Conserving Farms, Fish and Forests
The North Olympic Peninsula enjoys some of the nation’s richest wildlife and fish habitat, natural resources and breathtaking scenery. The North Olympic Land Trust has conserved close to 3,700 acres of land that sustains the communities of Clallam County. We help local citizens protect the lands that define this place and ensure that they are permanently conserved for future generations.
Experience & Explore
Visit one of the Land Trust’s four public conservation areas that provide an array of outdoor experiences.
Connect With Us
Looking for ways that you can get involved with North Olympic Land Trust? Here’s where you can stay up-to-date with the latest news and events. You can also sign up for our e-newsletter and learn about volunteer opportunities.
Videos & Visuals
A picture really is worth a thousand words when it comes taking in the beauty of the North Olympic Peninsula.
2021 Impact Report
Read about our annual accomplishments over the last year in community land conservation.
The 2022-2026 Strategic Plan lays out a path for action and establishes the foundation for the Land Trust’s future work to support and inspire balanced land use and responsible stewardship across the North Olympic Peninsula via three core strategies.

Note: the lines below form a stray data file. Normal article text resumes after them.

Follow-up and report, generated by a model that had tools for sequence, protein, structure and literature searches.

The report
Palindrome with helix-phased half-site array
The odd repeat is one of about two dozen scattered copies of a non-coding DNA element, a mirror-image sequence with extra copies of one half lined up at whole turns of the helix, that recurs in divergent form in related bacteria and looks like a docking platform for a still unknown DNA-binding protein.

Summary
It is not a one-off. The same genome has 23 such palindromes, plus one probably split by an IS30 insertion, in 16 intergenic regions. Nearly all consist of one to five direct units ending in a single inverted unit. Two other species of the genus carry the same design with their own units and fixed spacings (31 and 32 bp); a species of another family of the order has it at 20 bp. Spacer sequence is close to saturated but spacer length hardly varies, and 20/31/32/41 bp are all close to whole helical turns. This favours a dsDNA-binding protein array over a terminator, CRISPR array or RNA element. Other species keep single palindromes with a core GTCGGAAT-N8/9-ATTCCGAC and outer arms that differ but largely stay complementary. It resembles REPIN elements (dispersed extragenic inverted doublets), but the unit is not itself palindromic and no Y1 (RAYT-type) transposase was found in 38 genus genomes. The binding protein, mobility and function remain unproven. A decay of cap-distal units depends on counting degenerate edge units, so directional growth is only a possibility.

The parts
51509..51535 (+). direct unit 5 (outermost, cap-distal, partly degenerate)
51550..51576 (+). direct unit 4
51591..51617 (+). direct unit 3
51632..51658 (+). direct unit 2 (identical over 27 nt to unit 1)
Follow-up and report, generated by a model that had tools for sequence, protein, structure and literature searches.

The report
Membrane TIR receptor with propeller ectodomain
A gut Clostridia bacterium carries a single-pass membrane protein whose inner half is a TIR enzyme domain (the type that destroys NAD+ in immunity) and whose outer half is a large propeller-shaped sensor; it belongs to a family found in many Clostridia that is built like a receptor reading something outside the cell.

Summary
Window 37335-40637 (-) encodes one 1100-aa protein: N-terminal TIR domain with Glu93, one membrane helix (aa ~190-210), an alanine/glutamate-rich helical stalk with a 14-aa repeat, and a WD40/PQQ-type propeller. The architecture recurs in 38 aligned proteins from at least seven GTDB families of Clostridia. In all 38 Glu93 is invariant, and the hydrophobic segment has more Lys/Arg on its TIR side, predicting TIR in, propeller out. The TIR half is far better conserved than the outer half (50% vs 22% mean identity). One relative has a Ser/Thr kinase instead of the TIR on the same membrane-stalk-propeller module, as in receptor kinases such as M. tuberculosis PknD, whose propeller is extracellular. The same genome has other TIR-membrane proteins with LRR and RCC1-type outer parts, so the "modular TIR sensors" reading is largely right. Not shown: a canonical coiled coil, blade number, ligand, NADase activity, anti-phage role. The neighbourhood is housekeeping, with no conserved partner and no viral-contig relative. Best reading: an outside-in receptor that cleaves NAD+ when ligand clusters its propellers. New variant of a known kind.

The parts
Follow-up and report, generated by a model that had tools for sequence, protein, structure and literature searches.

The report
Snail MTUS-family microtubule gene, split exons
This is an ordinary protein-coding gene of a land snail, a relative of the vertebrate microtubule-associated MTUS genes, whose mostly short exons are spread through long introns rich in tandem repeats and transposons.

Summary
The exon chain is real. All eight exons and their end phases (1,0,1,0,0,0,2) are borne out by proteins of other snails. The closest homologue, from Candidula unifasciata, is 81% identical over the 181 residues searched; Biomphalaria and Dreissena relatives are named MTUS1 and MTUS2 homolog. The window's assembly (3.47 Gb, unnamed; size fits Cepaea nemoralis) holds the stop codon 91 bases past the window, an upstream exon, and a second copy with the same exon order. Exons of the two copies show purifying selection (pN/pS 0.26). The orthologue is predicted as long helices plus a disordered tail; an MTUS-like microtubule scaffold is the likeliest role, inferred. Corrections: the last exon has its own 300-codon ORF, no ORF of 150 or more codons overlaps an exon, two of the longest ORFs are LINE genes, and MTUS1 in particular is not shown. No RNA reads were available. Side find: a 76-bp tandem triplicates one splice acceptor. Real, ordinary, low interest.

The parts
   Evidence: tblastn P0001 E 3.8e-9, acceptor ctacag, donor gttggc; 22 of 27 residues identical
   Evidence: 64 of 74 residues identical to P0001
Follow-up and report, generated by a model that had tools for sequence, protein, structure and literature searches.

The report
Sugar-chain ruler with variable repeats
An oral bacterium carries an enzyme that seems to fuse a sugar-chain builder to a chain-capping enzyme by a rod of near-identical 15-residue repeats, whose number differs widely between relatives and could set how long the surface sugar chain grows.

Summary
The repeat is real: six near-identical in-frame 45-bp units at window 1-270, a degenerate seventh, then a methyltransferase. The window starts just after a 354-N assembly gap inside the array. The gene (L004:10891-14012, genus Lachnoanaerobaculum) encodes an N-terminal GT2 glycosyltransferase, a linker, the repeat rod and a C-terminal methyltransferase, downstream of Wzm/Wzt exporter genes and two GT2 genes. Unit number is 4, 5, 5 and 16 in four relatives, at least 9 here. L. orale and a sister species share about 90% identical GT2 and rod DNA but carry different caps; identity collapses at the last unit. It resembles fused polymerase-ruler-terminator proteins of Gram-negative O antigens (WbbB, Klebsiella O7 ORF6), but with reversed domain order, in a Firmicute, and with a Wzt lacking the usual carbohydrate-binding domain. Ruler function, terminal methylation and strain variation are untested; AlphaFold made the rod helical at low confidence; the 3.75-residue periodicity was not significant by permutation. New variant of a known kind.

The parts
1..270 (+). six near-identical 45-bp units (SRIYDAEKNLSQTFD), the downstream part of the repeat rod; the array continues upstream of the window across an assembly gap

The Land Trust’s Conservation Plan prioritizes local land conservation efforts across the North Olympic Peninsula through 2023. The overarching goal is to conserve the natural areas and working lands that define and sustain the communities of Clallam County.
See the plan & learn more ›
Economic Benefits of Conserved Lands
The Trust for Public Land, in partnership with North Olympic Land Trust and Jefferson Land Trust, has released a study highlighting the importance of conserved farms, forests, trails and parks on the North Olympic Peninsula as key economic drivers that generate hundreds of millions of dollars in economic benefits each year. According to the study, available here, protected land makes essential contributions to the region’s economy in numerous measurable ways. Read more ›
Visit the Lyre
The 280-acre Lyre Conservation Area located 20 miles west of Port Angeles features an estuary at the mouth of the Lyre River, tidal beds, a diverse upland forest, meadows and a half-mile of shoreline along the Strait of Juan de Fuca. It provides important habit for salmon, migratory and resident birds, and wildlife, including Roosevelt elk.
The Lyre Conservation Area is an ideal spot for bird watching, surfing, picnicking, and beach walking.
Learn more ›
Land conservation in Clallam County is made possible by hundreds of dedicated individuals, foundations and businesses pooling their resources to leave a lasting legacy and support private land stewardship. Our success also is enhanced by proactive coordination between governmental and private land management groups. Learn more ›
Business Members and Foundation Partners include: